Beluga whales live in coastal waters, making them especially threatened by human pollution and fishing nets. There are between 62,000 and 85,000 beluga whales worldwide.
© Greenpeace / Steve Morgan
Estimated population: 62,000-85,000 worldwide. Cook Inlet population considered depleted.
Ways to identify this species: toothed whale, small head, adults have white skin, babies appear gray.
Beluga Whale Biology
- Beluga whales are migratory and inhabit the Arctic and sub-arctic regions of Russia, Greenland, and North America. They travel to warmer waters for spring. Beluga whale populations in Cook Inlet, Alaska do not migrate.
- Adult males range from 11 to 15 feet in length and weigh up to a ton. To preserve body heat in chilly Arctic waters, the beluga’s blubber can be up to five inches thick.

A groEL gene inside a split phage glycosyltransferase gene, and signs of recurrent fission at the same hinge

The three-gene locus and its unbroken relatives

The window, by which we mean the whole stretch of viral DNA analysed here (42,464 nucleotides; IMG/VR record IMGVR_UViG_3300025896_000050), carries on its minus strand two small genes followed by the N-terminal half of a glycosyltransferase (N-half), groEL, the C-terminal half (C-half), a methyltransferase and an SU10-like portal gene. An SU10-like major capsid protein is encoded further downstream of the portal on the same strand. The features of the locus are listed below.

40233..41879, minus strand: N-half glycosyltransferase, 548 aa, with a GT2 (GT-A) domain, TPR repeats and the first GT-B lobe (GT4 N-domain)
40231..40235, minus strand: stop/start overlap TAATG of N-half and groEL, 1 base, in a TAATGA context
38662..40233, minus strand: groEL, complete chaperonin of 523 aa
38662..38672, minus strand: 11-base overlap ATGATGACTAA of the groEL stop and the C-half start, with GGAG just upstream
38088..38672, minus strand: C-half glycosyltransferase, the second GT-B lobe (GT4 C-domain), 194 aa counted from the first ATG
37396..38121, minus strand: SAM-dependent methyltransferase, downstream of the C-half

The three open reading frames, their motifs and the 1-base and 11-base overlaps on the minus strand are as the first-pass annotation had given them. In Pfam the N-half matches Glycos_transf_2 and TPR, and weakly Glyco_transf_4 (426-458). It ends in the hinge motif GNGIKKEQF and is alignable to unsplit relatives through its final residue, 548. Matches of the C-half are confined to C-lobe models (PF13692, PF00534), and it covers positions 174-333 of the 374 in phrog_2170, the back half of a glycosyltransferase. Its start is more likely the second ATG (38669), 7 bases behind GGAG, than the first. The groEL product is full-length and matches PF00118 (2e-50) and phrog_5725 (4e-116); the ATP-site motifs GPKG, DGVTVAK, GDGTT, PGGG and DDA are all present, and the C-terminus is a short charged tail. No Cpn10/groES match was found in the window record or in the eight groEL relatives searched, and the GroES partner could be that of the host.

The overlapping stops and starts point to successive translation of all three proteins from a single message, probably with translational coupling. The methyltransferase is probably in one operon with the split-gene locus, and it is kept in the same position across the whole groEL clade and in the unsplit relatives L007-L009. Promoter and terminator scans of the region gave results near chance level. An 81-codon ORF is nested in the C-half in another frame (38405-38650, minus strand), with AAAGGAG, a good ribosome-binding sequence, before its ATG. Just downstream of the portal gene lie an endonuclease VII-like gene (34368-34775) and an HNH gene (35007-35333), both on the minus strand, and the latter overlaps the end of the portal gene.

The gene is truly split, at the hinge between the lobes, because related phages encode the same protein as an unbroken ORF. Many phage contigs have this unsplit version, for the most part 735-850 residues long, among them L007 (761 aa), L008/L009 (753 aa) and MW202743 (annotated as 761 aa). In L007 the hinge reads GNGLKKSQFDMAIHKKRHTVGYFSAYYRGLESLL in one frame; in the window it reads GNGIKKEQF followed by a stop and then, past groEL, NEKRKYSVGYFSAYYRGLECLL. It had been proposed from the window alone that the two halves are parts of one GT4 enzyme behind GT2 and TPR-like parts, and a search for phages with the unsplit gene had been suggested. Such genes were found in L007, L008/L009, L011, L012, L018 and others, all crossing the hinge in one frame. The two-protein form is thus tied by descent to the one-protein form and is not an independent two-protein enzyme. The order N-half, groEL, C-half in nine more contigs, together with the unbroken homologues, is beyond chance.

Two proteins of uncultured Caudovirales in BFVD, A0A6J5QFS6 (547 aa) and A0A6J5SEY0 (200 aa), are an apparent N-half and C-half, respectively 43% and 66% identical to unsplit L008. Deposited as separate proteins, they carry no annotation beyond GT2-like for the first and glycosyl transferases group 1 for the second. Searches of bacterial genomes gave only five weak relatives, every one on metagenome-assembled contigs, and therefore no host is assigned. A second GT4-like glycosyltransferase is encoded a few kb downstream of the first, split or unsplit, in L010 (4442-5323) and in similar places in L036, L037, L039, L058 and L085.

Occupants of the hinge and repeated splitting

- The beluga’s dorsal fin is only a bump; a larger fin would get in the way as the whale breaks through the ice to breathe.
- Beluga whales produce a variety of sounds, including whistles, squeals, moos, chirps and clicks. They are very social animals, hunting, migrating and living in pods numbering into the hundreds.
Threats to Beluga Whales
- Because belugas prefer to live in coastal waters, they are threatened by human pollution and the risk of entanglement in fishing nets.
- Beluga whales were hunted during the 18th and 19th centuries.